With Supergirl and the Omega Men out to bring him down, space scumbag Harry Hokum decides to send in the clones. Imperfect duplicates of Supergirl possessing part of her powers. Kara has faced terrible odds plenty of times but her quest to learn the truth behind Krypton’s destruction, supposedly at the hands of Rogol Zaar, has left her severely depleted – right now, she’s far more Girl than Super.
The Omega Men also recognise a few familiar faces – former members of their rebel band, putting leaders Kalista and Primus on the back foot. But not everyone is worrying about the fight’s outcome.
Ryand’r, brother of the superheroine Starfire, shares her love of a fight… and her solar powers, meaning he can give Supergirl a much-needed boost.
A long way away, Kara’s pal Krypto and recent companion Z’ndr are looking for the Maid of Might. And someone is feeling guilty.
Speaking of Mother, the confusingly named Lord Gandelo…
Before the issue’s out, the Harry Hokum problem is sorted and Kara finally gets a little further forward with her quest.
And thank goodness for that; I’ve enjoyed aspects of this Omega Man storyline, such as the continued emphasis on hope and heroism, but it’s meant Kara’s quest has progressed barely at all. This month, as well as Hokum’s confession and the ring, we get that scene with chief Circle member Lord Gandelo and co-conspirators Sardath of Rann and some Thanagarian or other. It feels as if we’re nearing the end of this storyline… certainly the Next Issue box’s tease, ‘The killers of Krypton… finally revealed’, gives me a little of that hope Supergirl and friends want us to feel.
For what it was – the final chapter of a sub-story aiming to progress the bigger business – this is pretty good. Writer Marc Andreyko’s narration by Kara (‘Karration’?) reads well, though there is one notable headscratching moment.
I think most of us had guessed that was what was happening based on previous issues – it’s as much a given as clones being unstable on a cellular level, which also comes up here – but when did Kara work it out? And as a former Red Lantern, controlling and redirecting her anger should be a breeze for Supergirl.
A scene between Kalista and Kara after the fight is over is nicely done, I like X’nder chatting away to Krypto, and the super-clap is a nice bit of Silver Age goodness – any time a writer remembers that a Super has more powers than flight, strength and heat vision, I’m pleased. My favourite thing, though, are the scenes between Supergirl and Ryand’r, which don’t play out as obviously as they might.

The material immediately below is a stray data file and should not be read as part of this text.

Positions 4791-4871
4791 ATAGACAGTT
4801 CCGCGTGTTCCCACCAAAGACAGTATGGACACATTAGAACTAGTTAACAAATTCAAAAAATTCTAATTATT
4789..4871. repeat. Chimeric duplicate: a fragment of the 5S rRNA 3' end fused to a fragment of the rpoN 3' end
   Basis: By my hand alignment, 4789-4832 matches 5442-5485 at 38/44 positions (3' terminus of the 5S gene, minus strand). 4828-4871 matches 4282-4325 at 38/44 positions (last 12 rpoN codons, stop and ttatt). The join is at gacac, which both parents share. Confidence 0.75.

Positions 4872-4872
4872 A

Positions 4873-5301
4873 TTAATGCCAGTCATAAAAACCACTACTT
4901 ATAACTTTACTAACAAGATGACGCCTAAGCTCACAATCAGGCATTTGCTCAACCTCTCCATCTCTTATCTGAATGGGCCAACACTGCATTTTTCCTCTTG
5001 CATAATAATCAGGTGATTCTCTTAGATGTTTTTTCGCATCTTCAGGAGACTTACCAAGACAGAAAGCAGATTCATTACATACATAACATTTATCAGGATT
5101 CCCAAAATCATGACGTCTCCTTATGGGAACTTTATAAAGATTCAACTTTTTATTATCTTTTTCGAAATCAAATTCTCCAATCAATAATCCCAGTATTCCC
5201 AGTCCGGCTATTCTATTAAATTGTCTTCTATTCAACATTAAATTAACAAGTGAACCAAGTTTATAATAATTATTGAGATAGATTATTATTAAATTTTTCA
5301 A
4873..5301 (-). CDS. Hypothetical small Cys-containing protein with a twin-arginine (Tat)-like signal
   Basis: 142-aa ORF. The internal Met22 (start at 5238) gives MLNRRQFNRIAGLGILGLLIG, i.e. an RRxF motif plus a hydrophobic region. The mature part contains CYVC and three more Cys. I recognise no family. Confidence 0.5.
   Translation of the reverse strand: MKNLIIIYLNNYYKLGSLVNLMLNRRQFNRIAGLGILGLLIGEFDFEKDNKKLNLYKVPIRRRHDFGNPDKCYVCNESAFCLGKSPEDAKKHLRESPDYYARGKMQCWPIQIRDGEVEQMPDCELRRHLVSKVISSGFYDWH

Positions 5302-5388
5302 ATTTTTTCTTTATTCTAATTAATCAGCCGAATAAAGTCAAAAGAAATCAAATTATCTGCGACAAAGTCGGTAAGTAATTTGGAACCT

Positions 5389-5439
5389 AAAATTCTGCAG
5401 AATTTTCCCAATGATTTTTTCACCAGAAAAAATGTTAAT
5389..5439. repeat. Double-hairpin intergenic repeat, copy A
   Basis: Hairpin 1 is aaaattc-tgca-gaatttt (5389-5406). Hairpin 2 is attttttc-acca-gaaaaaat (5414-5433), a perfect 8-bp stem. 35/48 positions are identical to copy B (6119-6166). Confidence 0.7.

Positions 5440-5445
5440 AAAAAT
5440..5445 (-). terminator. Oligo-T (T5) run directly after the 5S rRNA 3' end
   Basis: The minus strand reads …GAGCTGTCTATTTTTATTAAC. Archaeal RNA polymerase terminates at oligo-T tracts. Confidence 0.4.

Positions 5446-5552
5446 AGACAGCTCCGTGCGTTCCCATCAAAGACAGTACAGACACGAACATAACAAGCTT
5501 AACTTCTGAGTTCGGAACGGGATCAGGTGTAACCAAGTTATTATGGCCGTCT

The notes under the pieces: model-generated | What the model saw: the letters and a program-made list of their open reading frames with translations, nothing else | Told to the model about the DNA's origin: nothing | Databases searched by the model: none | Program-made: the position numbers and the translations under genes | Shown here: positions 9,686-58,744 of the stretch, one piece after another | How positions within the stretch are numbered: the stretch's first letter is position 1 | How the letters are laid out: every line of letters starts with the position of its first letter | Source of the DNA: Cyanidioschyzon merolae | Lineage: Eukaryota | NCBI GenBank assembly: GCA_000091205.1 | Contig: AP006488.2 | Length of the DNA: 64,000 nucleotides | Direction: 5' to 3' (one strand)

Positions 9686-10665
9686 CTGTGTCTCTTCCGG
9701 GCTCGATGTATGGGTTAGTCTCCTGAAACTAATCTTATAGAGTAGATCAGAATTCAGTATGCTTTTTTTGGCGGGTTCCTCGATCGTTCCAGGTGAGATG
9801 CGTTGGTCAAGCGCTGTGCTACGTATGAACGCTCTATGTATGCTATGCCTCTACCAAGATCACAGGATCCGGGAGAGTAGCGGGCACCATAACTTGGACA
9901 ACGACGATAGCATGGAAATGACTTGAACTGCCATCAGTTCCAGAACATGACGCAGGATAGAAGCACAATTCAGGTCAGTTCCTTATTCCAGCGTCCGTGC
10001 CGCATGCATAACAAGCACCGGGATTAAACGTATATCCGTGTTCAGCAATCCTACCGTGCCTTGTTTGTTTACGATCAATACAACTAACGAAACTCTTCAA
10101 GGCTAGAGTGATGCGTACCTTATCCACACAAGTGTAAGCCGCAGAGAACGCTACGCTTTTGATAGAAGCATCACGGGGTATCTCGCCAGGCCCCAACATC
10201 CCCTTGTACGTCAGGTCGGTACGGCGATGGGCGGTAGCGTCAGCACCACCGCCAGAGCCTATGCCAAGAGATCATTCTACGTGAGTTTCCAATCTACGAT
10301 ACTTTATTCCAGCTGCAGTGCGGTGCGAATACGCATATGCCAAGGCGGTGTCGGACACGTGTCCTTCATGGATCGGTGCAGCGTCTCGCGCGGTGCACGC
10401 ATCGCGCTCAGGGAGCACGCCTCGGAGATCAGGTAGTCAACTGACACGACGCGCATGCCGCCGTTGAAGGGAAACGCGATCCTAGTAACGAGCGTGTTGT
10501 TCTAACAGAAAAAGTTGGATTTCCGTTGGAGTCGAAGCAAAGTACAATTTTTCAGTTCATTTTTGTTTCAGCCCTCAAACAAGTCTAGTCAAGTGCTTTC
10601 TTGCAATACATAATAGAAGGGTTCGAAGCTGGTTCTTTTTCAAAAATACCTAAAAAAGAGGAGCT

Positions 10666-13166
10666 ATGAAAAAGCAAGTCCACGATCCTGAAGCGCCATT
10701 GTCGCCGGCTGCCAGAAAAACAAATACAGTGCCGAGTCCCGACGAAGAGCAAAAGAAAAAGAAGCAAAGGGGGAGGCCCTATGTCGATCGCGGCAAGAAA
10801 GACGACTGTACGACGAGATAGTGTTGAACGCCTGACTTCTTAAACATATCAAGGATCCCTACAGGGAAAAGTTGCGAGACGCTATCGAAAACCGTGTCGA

I hate Adam Strange’s father-in-law Sardath being involved, in some unrevealed way, in planetary genocide, but his character has been deeply tarnished ever since Alan Moore got his hands on him in the Eighties, so I should likely let it go.
The art is terrific. The combination of penciller Eduardo Pansica, inker Julio Ferreira and colourists FCO Plascencia and Chris Sotomayor is terrific, bringing us strong panel-to-panel storytelling and such standout moments as the solar smacker and a very creepy floating clone. Emotions are always crystal clear and the action sequences suitably intense. It’s a shame a regular artistic team on a DC book is more rare than whatever Kara is looking for (I think we’ve all forgotten by now), but at least the visiting craftspeople are generally good. Letterer Tom Napolitano is round these parts a lot, mind, and his sharp work is always appreciated.
Illustrator Yanick Paquette and colourist Nathan Fairbairn produce a cover I’d call delightful, despite it containing multitudes of monsters – I really like the perturbed look on our heroine’s face, and the way her colourful figure pops against the background. As for the variant, it’s another gorgeous Stanley ‘Artgerm’ Lau piece, it’s just a shame he’s drawing one of the worst Supergirl costumes ever.
A decently written, great-looking comic, the best thing about this issue may turn out to be that its drawing the Rogol Zaar plot threads to a close. Here’s hoping.